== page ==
Any good management book can give you a whole host of reasons, not all of which are going to seem important to the average entrepreneur until they're in your rearview mirror, along with the smoking ruins of your Big Idea. But there are so many stops along the way to launching a product, at which an ounce of prevention could be worth a ton of cure—even prevent your product's untimely demise—if applied ahead of your actual launch. A big piece that's too often ignored is having a clear idea of what your potential market really wants and what they'll pay for it. What name should you give this brainchild of yours—one that will be most appealing to consumers, of course, but how can you know which that is, ahead of time? Say you've got more than one concept you're weighing taking to market; how can you be sure which of them will get the strongest positive response?
Too many startups fail to do even the most basic market research (and, no, asking your Mom/ spouse/personal trainer doesn’t count), and the question is, why? Time and time again we see epic examples of product fails that prove that the only thing more expensive than getting good market intel is NOT getting it—yet somehow this vital piece gets shunted off to the side. Maybe it seems too difficult—too costly—too time-consuming. And, yes, it can be all of those things; writing an effective questionnaire alone requires more expertise than a non-expert can be expected to have.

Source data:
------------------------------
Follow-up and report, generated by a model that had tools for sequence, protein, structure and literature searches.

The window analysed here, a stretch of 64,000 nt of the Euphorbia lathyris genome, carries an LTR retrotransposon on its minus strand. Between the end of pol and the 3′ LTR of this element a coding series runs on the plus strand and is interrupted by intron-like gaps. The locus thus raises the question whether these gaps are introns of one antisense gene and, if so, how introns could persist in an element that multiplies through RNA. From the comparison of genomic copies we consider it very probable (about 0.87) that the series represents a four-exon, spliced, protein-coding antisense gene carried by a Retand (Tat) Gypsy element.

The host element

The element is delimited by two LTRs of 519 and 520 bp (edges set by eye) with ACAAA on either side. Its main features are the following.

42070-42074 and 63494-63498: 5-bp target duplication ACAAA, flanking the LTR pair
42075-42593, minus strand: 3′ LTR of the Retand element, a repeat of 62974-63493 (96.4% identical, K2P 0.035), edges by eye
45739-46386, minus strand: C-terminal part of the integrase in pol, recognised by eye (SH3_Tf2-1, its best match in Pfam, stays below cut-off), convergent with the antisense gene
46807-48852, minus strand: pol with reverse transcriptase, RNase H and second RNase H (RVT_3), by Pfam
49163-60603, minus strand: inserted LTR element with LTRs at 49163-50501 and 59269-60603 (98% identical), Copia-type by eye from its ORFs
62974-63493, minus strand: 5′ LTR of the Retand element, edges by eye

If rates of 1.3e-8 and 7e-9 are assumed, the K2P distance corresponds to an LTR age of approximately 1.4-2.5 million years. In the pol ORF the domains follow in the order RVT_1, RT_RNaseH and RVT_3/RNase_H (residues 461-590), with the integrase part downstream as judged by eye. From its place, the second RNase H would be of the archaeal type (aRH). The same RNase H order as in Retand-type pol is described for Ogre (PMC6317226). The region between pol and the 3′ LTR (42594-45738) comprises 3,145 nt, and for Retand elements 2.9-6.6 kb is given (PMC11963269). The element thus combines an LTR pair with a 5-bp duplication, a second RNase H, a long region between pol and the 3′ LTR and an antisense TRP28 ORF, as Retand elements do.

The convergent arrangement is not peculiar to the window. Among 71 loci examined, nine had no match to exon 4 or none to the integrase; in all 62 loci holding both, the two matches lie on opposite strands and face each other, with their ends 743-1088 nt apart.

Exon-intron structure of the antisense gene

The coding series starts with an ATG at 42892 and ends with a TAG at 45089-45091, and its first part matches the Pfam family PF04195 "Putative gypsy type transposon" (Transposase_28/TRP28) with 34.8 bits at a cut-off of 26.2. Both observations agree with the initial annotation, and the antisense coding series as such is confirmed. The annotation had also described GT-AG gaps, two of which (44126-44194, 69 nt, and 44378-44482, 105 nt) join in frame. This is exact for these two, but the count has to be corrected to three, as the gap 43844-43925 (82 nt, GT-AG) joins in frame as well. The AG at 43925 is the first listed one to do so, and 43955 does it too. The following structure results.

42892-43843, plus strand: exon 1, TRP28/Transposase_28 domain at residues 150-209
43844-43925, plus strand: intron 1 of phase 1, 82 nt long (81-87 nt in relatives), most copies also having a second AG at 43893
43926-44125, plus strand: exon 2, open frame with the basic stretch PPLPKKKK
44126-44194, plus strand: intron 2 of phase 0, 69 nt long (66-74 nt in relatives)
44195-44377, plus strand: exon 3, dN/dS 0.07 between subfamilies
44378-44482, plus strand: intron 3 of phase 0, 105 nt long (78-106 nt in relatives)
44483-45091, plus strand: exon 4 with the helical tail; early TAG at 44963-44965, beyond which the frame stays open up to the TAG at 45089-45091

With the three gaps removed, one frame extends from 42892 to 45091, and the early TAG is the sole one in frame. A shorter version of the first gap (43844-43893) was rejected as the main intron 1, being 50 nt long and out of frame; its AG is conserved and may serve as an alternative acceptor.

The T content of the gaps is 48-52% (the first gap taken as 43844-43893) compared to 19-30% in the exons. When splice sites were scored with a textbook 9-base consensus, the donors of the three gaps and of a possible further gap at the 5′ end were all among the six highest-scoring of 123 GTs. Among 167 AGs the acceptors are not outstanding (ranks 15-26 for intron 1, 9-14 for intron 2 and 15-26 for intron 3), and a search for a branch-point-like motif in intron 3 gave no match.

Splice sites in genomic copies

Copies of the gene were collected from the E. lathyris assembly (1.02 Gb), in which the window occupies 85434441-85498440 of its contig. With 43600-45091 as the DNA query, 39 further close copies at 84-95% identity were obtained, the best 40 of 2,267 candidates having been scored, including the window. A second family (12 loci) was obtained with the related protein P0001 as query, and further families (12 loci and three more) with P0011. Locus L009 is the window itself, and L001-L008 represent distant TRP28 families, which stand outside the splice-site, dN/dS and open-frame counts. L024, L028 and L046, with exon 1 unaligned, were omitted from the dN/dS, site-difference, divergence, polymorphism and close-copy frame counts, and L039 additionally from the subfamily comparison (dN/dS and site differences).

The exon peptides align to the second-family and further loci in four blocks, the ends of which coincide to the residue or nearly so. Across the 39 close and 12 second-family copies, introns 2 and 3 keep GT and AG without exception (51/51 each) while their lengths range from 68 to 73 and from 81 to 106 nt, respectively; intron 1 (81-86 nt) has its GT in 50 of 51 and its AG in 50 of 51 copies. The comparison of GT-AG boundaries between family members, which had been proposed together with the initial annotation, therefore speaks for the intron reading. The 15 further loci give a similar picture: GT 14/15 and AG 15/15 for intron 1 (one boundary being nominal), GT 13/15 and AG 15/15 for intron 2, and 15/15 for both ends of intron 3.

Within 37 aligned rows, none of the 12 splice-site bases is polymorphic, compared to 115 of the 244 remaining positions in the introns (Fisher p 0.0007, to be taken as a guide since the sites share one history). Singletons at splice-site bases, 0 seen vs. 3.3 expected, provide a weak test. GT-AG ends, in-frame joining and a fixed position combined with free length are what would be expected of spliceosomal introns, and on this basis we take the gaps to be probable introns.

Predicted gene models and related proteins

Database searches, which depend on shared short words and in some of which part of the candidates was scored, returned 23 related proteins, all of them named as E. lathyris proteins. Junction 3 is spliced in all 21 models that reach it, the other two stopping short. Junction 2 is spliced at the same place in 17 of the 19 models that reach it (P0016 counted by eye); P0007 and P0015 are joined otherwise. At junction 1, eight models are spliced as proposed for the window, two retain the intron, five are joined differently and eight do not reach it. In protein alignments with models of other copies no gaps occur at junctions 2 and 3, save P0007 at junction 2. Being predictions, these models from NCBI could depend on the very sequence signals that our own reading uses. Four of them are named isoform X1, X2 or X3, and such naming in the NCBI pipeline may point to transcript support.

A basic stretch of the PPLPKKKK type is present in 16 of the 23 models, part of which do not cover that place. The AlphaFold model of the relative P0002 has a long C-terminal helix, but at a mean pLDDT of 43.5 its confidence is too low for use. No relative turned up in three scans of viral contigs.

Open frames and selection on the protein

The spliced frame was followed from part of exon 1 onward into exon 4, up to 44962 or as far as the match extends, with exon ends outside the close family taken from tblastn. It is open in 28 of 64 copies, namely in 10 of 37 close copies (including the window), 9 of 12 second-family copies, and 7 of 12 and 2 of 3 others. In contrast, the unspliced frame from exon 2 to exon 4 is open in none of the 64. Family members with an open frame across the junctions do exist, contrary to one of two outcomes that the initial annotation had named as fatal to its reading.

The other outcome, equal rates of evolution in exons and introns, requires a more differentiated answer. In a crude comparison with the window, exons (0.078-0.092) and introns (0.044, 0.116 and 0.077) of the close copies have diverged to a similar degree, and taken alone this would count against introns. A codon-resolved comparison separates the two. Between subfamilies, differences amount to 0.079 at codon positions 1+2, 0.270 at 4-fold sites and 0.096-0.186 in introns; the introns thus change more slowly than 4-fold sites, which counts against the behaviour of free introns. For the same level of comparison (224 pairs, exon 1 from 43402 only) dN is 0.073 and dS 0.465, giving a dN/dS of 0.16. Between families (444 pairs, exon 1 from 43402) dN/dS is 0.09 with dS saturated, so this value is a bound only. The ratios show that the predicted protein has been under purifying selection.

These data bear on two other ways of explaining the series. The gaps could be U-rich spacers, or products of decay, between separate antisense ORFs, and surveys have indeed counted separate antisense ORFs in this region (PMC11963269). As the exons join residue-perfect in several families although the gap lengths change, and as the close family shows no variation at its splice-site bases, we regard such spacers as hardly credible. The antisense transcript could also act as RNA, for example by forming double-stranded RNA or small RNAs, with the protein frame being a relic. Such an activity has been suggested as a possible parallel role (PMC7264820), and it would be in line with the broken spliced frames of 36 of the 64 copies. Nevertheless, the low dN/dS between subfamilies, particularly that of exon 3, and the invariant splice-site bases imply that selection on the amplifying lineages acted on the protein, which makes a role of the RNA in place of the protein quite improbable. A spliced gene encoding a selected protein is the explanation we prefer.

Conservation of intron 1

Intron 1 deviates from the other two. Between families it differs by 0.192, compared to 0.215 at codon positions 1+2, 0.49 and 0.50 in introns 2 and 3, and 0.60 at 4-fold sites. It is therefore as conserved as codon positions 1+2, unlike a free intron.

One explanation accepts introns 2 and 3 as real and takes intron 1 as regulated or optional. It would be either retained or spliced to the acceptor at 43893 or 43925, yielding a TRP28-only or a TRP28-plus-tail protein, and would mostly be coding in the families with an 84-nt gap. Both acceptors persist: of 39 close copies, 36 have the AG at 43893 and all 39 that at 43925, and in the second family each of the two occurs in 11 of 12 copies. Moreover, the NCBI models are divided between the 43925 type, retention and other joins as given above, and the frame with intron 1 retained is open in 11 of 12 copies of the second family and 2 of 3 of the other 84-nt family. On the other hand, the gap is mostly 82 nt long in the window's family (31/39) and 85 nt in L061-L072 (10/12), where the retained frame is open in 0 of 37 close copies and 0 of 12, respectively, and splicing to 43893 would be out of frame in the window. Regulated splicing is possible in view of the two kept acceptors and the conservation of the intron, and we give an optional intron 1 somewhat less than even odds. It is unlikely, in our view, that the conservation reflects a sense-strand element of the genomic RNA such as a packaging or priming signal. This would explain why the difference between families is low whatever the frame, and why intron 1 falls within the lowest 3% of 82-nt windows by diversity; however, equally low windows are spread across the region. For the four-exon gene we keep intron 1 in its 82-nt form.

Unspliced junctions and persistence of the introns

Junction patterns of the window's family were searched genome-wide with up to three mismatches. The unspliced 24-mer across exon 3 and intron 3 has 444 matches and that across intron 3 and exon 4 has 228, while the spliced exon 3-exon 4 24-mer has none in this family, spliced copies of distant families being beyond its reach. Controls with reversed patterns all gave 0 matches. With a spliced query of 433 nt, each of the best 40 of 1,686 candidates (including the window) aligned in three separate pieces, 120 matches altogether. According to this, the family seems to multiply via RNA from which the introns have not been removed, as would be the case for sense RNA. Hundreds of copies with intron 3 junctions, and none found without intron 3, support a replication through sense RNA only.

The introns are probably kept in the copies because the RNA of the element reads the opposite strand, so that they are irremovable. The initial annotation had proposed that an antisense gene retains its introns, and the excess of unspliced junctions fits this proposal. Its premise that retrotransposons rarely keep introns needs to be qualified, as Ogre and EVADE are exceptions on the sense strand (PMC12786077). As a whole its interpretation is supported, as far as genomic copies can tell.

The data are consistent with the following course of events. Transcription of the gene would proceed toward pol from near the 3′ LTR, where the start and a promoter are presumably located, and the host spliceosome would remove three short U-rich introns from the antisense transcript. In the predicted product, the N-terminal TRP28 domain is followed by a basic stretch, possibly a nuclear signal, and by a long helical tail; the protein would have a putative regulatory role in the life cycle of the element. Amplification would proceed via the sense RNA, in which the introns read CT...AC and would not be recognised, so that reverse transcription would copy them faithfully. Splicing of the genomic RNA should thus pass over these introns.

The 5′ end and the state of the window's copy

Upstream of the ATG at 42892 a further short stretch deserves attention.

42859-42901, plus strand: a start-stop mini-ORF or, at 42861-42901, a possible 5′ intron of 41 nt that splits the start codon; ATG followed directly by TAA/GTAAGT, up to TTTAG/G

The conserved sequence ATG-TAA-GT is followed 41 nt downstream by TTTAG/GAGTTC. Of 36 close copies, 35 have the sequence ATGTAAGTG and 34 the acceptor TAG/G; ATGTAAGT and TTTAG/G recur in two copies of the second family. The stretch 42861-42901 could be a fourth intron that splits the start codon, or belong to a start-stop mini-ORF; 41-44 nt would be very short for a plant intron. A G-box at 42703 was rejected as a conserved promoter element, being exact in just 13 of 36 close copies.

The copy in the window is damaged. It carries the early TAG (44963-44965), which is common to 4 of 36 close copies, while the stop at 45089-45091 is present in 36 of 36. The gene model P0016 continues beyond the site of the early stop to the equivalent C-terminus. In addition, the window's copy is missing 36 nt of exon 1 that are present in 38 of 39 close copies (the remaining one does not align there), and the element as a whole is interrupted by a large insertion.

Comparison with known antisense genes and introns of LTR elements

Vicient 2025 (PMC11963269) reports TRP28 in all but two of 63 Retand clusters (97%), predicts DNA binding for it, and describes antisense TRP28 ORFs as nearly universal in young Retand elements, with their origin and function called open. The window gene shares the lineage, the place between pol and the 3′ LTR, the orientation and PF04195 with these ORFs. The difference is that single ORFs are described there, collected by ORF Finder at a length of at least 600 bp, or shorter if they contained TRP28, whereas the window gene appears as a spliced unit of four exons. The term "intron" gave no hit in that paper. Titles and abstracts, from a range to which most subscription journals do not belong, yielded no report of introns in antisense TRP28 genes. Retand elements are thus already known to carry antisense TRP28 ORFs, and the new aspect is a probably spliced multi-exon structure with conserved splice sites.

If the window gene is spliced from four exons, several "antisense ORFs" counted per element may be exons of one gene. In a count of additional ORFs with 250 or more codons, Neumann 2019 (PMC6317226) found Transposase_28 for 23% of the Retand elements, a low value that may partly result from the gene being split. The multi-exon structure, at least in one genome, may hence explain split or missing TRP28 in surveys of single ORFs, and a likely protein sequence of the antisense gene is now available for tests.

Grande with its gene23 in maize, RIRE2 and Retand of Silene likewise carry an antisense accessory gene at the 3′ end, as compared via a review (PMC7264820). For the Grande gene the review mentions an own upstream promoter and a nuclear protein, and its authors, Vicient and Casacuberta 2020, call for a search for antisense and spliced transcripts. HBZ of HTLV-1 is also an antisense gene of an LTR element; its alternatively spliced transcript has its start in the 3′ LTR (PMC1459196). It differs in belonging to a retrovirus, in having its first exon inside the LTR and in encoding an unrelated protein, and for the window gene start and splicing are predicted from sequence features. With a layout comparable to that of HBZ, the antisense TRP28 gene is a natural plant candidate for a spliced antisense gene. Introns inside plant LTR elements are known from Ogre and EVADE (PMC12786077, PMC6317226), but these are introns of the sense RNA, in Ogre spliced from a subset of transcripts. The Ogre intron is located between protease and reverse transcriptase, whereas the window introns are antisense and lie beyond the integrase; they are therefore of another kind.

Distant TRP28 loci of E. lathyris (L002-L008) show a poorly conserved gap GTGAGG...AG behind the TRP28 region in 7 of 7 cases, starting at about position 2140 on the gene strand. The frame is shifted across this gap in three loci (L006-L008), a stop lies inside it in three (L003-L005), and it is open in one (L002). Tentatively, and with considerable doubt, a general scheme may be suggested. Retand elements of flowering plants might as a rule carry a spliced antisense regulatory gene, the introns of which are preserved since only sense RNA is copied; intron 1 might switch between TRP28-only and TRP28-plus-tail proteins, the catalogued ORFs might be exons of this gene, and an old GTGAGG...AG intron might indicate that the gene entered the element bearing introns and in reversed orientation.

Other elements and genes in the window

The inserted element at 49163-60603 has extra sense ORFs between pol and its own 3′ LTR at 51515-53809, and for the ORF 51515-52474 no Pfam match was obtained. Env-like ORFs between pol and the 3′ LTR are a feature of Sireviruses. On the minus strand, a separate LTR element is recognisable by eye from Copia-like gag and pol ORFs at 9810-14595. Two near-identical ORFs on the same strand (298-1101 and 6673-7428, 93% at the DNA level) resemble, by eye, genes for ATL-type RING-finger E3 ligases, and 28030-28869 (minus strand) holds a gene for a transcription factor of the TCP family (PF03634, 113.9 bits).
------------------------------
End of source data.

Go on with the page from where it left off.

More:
But it doesn’t have to be. The exponential reach of Big Data touches every part of our lives; every time we turn on our computers, share a picture, “like” something on social media, read a news story, or shop online, we leave a piece of our personal jigsaw puzzle that can be put together with other pieces to create a map of our preferences, our prejudices, and our passions. Tapping into that, going beyond the Zeitgeist to targeting the individual, is where market intelligence is today; so much bigger and better and more accurate than little focus groups answering questions in sterile meeting rooms. And if you and your new product/idea/company aren’t marching in the vanguard, you may be left behind, sweeping up after the parade has passed.
Get your priorities in line, spend your money on what matters—and nothing matters more than knowing for a certainty what your potential customer really wants, really likes, and will really pay for it.